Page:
WoW had changed forever.
Mists of Pandaria 2012
Mists of Pandaria is probably the wackiest WoW expansion. After the darkness of the last couple of expansions Blizzard decided to try something different here.
First off the expansion introduced a new class and race to WoW.
The Pandaren race was originally an easter egg in WoW III, appearing in the bonus horde campaign.
Besides their interesting origin, Pandarens are interesting because they start the expansion as peaceful, aligning themselves with neither the Horde nor the Alliance.
Instead, Pandaren players must choose a side at the end of the Wandering Isles quest.
Mists of Pandaria also introduced challenge mode. Players were encouraged to finish dungeons as quickly as possible to win medals and rewards.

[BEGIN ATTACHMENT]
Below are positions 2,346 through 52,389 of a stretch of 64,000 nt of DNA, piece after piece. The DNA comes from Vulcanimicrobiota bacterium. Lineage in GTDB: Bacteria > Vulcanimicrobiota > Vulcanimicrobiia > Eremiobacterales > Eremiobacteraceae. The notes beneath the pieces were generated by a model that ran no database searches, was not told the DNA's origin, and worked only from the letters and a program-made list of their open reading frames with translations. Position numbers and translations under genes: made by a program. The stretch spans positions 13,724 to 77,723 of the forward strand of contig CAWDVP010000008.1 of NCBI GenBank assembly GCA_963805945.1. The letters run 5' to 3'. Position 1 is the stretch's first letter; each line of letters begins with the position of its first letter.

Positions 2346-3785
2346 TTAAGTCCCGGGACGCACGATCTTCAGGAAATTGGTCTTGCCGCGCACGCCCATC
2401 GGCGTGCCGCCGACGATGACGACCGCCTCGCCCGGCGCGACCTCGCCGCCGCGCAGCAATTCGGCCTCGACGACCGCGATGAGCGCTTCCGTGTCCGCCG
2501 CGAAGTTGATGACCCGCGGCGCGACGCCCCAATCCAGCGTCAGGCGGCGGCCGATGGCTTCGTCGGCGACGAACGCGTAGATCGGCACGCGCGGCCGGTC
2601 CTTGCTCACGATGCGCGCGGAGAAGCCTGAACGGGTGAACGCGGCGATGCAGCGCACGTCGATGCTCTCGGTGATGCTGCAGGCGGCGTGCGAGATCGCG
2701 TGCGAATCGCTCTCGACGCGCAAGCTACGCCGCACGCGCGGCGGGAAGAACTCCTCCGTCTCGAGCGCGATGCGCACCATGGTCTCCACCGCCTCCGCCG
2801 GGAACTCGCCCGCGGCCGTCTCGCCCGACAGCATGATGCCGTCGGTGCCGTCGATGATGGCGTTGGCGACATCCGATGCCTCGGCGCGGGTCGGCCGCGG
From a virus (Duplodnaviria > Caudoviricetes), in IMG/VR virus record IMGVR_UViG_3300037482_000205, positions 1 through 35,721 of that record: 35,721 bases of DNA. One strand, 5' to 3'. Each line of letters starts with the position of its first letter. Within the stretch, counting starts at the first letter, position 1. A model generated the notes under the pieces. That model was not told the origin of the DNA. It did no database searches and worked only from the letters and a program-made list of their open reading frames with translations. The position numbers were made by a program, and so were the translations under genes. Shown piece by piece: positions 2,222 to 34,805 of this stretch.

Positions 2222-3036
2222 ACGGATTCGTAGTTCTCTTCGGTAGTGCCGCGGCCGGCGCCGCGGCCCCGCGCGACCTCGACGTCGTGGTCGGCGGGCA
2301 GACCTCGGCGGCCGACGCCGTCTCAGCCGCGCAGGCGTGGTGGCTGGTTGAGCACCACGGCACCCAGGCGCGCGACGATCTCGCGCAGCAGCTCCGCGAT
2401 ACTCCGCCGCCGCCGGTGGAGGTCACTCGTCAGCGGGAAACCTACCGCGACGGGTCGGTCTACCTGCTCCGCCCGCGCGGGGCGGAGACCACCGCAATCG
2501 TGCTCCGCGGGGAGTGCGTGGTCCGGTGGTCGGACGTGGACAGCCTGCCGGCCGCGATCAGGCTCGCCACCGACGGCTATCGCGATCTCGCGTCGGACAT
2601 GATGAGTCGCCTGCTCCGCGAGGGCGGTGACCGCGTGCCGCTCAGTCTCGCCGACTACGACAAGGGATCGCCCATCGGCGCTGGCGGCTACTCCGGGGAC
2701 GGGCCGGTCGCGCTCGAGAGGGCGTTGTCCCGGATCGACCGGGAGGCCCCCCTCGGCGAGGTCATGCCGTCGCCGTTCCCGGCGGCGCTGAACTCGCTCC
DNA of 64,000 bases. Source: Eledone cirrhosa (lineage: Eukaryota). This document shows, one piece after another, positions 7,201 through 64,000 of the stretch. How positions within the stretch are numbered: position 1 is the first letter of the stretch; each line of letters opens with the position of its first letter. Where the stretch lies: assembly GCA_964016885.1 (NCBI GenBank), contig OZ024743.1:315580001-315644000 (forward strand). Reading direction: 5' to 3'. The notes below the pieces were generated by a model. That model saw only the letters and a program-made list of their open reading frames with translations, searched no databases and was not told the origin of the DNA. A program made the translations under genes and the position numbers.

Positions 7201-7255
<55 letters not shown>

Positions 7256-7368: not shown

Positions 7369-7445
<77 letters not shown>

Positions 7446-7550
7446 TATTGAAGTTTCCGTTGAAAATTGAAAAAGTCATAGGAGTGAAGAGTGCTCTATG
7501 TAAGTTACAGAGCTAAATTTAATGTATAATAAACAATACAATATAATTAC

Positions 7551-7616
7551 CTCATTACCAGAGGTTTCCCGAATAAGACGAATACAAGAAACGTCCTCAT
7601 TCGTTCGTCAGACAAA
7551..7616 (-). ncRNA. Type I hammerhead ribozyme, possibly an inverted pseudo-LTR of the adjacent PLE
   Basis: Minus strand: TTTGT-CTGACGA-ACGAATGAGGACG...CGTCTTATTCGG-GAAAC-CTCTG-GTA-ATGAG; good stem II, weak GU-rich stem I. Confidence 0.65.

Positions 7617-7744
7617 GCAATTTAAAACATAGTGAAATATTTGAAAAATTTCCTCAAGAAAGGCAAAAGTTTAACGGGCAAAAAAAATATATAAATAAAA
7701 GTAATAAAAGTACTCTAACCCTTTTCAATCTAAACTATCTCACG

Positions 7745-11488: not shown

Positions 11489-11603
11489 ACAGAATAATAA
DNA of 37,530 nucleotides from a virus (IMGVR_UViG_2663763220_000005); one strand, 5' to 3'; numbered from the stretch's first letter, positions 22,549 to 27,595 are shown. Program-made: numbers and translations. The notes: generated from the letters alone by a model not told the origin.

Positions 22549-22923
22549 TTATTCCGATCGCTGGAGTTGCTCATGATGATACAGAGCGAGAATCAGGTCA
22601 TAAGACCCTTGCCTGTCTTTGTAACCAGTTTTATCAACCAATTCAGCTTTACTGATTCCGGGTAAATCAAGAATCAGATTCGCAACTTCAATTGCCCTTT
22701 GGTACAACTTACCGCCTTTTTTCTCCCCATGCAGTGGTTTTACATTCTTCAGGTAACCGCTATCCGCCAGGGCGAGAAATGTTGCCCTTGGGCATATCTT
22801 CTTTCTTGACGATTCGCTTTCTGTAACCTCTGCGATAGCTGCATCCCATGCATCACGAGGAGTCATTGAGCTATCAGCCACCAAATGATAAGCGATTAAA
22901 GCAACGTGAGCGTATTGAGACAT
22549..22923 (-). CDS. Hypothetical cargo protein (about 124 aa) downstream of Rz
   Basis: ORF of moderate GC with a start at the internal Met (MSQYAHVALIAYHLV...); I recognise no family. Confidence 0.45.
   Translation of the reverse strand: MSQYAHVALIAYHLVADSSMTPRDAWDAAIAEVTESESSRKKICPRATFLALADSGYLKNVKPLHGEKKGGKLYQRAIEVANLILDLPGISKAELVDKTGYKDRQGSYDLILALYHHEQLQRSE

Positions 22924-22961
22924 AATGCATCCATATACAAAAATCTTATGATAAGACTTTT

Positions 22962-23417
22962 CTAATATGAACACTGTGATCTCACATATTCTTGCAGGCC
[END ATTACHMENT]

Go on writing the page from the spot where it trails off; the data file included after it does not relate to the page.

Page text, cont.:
The expansion also overhauled pets. Pets could now engage in combat through the Pet Battle system, level up, and even had a class system.
The expansion kicks off with a massive naval battle between the Alliance and Horde which ends with their forces shşpwrecked on Pandaria.
The fighting also released the Sha, evil spirits which are physical manifestations of despair, doubt, fear, anger, and hatred.
The plot revolves around the rise and fall of Warchief Garrosh Hellscream, a power-hungry zealot who becomes a Pandaren war criminal. He creates a true horde of orcs and the Alliance and Horde must unite to take him down.
After the world-shattering events of Cataclysm, Mists Of Pandaria proved to be a bit of a letdown.
The story and setting are very insular and the story lacks any major consequences for WoW as a whole.
Lore wise, Mists of Pandaria felt pretty light after the heavy-hitting lore of the past few expansions. Plus the whole thing is all a bit depressing.